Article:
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After Controversy Surrounding Executions, State Officials Testify Before House Committee

Chris McDaniel, St. Louis Public Radio.

Despite the controversy over how Missouri has carried out its past three executions, a state House hearing on Monday revealed little that hasn't already been reported:

  • The Department of Corrections has been obtaining its execution drug from an Oklahoma compounding pharmacy that the state tried unsuccessfully to keep secret.
  • A high-ranking Corrections official has been transporting thousands of dollars in cash to this Oklahoma pharmacy.

“Yes, it is cash money,” said George Lombardi, Corrections director, at the hearing. “That has been happening, I want to add, since the Ashcroft administration (and) through every governor.”
While Lombardi is correct that members of the "execution team" have previously been paid in cash, this situation is different. For the first time, the "execution team" has members who do not participate in carrying out the execution -- members who aren't even present for the execution.

Credit Chris McDaniel, St. Louis Public Radio.

David Dormire, the director of adult institutions, has been transporting a little more than $11,000 to the Apothecary Shoppe in Oklahoma. The pharmacy just recently became licensed to sell in Missouri.

“They’ve made it clear that we wouldn’t have the people required to carry out the death penalty” if it weren't cash, Lombardi said.

"The most charitable way I can characterize [the state's] actions are to call them sleazy," attorney Joseph Luby said at the hearing. He's representing numerous inmates still on death row, alleging that the state's execution method amounts to cruel and unusual punishment, a violation of the 8th Amendment.

Lombardi defended his department's actions and said the statute mandates that it carry out the death penalty.

“The way the department has been besmirched and vilified in the press is disturbing to me. This is not what this department is about,” Lombardi said, pointing to positive things his department has done.

But at no point through the hearing did he dispute the facts presented by the press on the source of the execution drug.

Credit Chris McDaniel, St. Louis Public Radio.
Attorney Joseph Luby testifies while Corrections Director George Lombardi looks on.

The hearing also delved into another issue: That the state has carried out executions before the courts have ruled on pending stays of execution.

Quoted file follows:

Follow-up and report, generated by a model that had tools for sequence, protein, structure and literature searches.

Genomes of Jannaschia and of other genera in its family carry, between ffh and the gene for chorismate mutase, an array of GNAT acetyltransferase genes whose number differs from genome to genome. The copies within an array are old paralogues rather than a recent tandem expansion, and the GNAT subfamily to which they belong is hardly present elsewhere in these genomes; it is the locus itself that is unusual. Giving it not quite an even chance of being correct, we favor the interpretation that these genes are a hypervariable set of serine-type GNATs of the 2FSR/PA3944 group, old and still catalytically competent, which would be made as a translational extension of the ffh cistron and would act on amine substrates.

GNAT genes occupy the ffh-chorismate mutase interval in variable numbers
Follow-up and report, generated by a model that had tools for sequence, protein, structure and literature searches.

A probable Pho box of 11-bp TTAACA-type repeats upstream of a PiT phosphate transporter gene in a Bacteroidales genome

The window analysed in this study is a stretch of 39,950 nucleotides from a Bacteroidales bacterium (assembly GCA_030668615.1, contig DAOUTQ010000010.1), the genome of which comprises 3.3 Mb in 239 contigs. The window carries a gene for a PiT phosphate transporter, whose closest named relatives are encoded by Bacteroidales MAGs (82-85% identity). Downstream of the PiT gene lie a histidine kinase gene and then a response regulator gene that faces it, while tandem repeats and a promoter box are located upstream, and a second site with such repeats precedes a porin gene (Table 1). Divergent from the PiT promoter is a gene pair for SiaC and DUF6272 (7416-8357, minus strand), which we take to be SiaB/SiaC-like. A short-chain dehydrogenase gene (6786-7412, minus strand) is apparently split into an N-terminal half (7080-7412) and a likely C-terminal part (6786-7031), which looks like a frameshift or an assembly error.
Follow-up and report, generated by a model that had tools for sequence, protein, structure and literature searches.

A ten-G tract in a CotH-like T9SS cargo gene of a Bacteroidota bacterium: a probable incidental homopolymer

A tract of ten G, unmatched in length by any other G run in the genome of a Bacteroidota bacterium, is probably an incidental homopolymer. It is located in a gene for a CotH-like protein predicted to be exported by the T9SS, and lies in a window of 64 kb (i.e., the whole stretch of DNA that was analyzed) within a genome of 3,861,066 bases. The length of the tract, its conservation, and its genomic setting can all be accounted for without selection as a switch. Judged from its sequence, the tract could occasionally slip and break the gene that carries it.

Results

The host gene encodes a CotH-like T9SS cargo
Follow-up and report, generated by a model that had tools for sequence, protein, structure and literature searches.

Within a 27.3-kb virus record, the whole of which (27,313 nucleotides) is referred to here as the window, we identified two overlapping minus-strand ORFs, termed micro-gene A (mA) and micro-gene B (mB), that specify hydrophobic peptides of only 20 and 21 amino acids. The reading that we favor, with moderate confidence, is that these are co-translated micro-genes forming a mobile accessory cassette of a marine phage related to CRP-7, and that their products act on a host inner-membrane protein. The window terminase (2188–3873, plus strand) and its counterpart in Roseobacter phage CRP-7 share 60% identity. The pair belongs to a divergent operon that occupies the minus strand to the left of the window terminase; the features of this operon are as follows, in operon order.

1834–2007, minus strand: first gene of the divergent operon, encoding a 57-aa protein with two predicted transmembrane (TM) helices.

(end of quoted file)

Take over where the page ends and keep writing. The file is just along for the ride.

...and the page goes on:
It's a practice that's been criticized by national outlets and a federal judge.

"Missouri put [an inmate] to death before the federal courts had a final say on whether doing so violated the federal constitution…I am alarmed that Missouri proceeded with its execution before this court had even finished voting on [the] request for a stay. In my near 14 years on the bench, this is the first time I can recall this happening.” -Judge Kermit Bye

“The law is clear that the pendency of an execution is insufficient to stop an execution," David Hansen with the state attorney general’s office said. "The state of Missouri went to the United States Supreme Court and asked if the execution should happen. The court answered that question and said,  'No, the execution should not be stopped.'”

Missouri has executed three inmates in as many months while motions for stays were still pending.

At the hearing, the attorney general’s office did not speak to the quality and source of the drug.

State Rep. Jay Barnes, R-Jefferson City, chaired the hearing.

"After hearing the testimony, I don't think there was anything untoward or unconstitutional about proceeding with the executions at the time that they did," Barnes said in an interview after the hearing. "I think that today was a good opportunity for the facts to be discussed."

Barnes declined to speak about the issues surrounding the source of the execution drug. He said currently no further hearings on the matter are scheduled.

However, this does not mean that the legislature is done with the issue. Currently, at least three bills in the legislature would change how the state carries out executions. And the constitutionality of Missouri's methods remains before the federal courts.

Follow Chris McDaniel on Twitter@csmcdaniel